More

    Scientists exemplify the world’s fastest optical neuromorphic processor for AI

    A Swinburne University of Technology demonstrated that the world’s fastest and most powerful optical neuromorphic artificial intelligence (AI) processor is capable of operating faster than 10 trillion operations per second and capable of processing large-scale data. The research published in the journal Nature represents a huge leap forward for neural networks and neuromorphic processing in general.

    Artificial neural networks, a key form of artificial intelligence, can learn and perform complex operations with broad applications to computer vision, natural language processing, facial recognition, speech translation, strategy games, medical diagnosis, and many other areas. Inspired by the biological structure of the brain’s visual cortex system, artificial neural networks extract key features of raw data to predict properties and behavior with unprecedented accuracy and simplicity. Led by Professor David Moss of Swinburne, Dr Xingyuan (Mike) Xu (Swinburne, Monash University) and the distinguished Professor Arnan Mitchell from RMIT University, the team achieved an outstanding feat in optical neural networks: greatly accelerating processing speed and processing power.

    The team demonstrated an optical neuromorphic processor that works more than 1000 times faster than any previous processor, with the system also processing record-sized images on an ultra-large scale enough to achieve full facial image recognition, something others optical processors have not been able to realize. “This breakthrough was achieved with ‘optical micro-combs’, as was our world-record Internet data rate reported in May 2020,” said Professor Moss, director of the Swinburne Optical Science Center and recently named one of the leading Australian research leaders in physics and mathematics in the field of optics and photonics from The Australian.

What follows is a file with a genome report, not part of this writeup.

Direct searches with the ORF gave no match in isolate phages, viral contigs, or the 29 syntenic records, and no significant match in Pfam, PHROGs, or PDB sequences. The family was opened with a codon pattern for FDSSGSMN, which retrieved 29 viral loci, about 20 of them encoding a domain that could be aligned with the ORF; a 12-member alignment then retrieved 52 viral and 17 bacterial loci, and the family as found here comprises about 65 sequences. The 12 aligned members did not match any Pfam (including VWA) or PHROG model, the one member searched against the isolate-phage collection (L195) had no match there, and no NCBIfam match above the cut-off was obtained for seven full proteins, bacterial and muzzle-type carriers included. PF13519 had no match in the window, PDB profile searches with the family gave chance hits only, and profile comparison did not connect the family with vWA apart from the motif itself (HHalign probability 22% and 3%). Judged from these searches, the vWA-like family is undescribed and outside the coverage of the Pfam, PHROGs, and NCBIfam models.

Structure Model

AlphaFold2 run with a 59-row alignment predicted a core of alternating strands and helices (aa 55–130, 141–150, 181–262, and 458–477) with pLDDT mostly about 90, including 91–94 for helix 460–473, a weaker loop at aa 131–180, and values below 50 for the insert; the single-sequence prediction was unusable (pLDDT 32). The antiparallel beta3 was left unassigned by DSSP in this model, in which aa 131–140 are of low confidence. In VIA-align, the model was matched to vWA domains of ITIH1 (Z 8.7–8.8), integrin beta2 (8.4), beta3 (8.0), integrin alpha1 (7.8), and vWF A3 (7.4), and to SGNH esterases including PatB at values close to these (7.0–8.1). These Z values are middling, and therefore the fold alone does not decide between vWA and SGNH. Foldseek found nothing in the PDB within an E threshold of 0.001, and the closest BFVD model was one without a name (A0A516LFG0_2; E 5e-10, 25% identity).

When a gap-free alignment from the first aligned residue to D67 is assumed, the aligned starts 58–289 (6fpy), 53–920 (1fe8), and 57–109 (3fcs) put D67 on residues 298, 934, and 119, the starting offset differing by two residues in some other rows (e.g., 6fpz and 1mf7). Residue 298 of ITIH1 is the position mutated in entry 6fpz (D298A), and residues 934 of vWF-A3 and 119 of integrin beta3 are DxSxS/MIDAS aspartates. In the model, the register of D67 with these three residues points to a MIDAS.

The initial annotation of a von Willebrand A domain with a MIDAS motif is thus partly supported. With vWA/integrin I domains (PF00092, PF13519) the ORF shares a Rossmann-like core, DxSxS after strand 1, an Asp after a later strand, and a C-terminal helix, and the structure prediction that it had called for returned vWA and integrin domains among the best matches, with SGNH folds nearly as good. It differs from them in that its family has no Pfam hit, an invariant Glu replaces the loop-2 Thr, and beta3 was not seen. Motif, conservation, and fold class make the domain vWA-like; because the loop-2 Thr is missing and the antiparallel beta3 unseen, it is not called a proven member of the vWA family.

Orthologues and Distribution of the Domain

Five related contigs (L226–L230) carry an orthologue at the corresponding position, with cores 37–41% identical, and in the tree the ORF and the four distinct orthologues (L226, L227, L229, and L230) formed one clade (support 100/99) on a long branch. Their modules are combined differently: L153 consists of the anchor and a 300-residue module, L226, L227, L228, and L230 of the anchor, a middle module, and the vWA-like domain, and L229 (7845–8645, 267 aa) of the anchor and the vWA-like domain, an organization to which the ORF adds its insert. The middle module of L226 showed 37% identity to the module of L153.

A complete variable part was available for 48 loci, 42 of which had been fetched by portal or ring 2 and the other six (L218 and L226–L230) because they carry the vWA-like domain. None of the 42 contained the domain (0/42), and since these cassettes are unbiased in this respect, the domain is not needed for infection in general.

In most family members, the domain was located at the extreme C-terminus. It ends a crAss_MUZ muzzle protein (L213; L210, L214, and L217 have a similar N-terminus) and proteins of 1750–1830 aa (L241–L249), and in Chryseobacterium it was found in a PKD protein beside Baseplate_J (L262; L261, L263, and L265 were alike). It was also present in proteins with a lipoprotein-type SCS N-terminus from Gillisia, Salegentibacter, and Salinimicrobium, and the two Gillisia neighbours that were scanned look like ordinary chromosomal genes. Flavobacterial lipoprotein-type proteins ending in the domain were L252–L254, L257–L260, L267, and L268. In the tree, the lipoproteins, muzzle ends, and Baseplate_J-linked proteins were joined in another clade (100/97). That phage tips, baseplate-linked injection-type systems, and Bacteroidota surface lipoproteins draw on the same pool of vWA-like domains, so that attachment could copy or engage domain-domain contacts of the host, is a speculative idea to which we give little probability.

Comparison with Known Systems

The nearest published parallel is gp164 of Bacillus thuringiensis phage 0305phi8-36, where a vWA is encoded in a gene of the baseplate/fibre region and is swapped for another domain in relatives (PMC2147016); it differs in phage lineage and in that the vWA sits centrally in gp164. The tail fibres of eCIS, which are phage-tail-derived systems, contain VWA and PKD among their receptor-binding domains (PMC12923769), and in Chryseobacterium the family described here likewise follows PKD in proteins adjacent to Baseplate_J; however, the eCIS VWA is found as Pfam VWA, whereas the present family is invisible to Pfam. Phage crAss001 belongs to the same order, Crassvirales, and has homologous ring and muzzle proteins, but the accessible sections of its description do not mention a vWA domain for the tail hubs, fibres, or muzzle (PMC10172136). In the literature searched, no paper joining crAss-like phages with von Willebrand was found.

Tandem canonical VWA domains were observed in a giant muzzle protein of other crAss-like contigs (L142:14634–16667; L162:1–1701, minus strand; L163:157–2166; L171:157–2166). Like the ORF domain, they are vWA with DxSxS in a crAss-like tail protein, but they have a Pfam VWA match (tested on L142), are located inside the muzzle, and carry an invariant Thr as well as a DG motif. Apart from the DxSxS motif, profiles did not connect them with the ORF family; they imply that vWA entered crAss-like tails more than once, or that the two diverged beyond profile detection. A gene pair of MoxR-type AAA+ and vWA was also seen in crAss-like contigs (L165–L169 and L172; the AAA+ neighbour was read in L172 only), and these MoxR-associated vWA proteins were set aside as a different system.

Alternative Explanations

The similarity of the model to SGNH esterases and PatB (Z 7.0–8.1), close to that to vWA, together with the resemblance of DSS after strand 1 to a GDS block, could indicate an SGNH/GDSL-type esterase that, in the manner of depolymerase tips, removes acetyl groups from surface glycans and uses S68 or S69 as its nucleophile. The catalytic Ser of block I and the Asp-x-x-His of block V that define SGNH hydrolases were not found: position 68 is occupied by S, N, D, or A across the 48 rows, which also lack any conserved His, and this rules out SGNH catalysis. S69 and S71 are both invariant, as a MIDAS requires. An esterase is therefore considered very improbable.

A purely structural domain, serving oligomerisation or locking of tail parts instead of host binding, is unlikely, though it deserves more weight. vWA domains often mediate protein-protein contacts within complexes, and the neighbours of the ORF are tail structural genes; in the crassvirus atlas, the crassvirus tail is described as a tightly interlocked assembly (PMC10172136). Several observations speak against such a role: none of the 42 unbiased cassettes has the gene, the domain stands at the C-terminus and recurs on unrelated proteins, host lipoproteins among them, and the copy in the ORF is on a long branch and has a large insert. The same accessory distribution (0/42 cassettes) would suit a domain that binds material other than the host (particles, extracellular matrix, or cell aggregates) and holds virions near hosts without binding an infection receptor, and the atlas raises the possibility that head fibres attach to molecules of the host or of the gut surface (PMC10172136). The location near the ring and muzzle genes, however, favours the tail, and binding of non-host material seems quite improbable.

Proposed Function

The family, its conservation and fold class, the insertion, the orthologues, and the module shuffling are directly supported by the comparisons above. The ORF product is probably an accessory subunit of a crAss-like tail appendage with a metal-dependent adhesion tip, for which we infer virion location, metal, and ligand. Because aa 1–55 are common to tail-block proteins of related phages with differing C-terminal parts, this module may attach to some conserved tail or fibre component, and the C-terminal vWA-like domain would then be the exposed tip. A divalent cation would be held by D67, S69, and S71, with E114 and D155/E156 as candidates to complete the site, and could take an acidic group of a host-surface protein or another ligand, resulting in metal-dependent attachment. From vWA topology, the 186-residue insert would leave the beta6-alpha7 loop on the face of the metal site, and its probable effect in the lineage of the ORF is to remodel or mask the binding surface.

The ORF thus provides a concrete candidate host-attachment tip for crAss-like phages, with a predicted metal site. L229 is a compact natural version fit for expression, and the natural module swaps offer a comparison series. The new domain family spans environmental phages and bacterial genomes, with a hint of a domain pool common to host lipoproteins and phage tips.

- Advertisement -

    Although state-of-the-art electronic processors like Google TPU can run beyond 100 TeraOP / s, this is done with tens of thousands of parallel processors. In contrast, the optical system demonstrated by the team uses a single processor and was achieved using a new technique of simultaneous interlacing of data in time, wavelength and spatial dimensions through an integrated micro-comb source. Micro-combs are relatively new devices that behave like a rainbow made up of hundreds of high-quality infrared lasers on a single chip. They’re much faster, smaller, lighter and cheaper than any other optical source, according to the study.

    Co-lead author of the study, Dr. Xu, a former Swinburne student and postdoctoral fellow in Monash University’s electrical and computer systems engineering department, said, “This processor can serve as a universal front-end wide high-bandwidth data for any optical or electronic neuromorphic hardware. Based on mass data machine learning for real-time ultra-high bandwidth data at your fingertips. “” We are currently getting a preview of what the processors will look like. future. It is really showing us how much we can greatly scale the power of our processors through the innovative use of micro combs, ”explained Dr Xu.

    RMIT’s Professor Mitchell also added: “This technology is applicable to all forms of processing and communication – it will have a huge impact. In the long run, we hope to build fully integrated systems on a chip, significantly reducing costs and energy consumption. “” Convolutional neural networks have been central to the artificial intelligence revolution, but existing silicon technology is increasingly presenting a bottleneck in processing speed and energy efficiency, “said a key supporter of the research team, Professor Damien Hicks, from Swinburne and the Walter and Elizabeth Hall Institute.

    This breakthrough shows how new optical technology makes such networks faster and more efficient and is a profound demonstration of the benefits of interdisciplinary thinking, in having the inspiration and courage to take an idea. from one field and use it to solve a fundamental problem in another, according to scientists. (ANI)

    (This story has not been edited by Devdiscourse staff and is automatically generated from a syndicated feed.)

    News Highlights:

    • A Swinburne University of Technology demonstrated that the world’s fastest and most powerful optical neuromorphic artificial intelligence (AI) processor is capable of operating faster than 10 trillion operations per second and capable of processing large-scale data.
    • Scientists exemplify the world’s fastest optical neuromorphic processor for AI
    - Advertisement -

    Latest Articles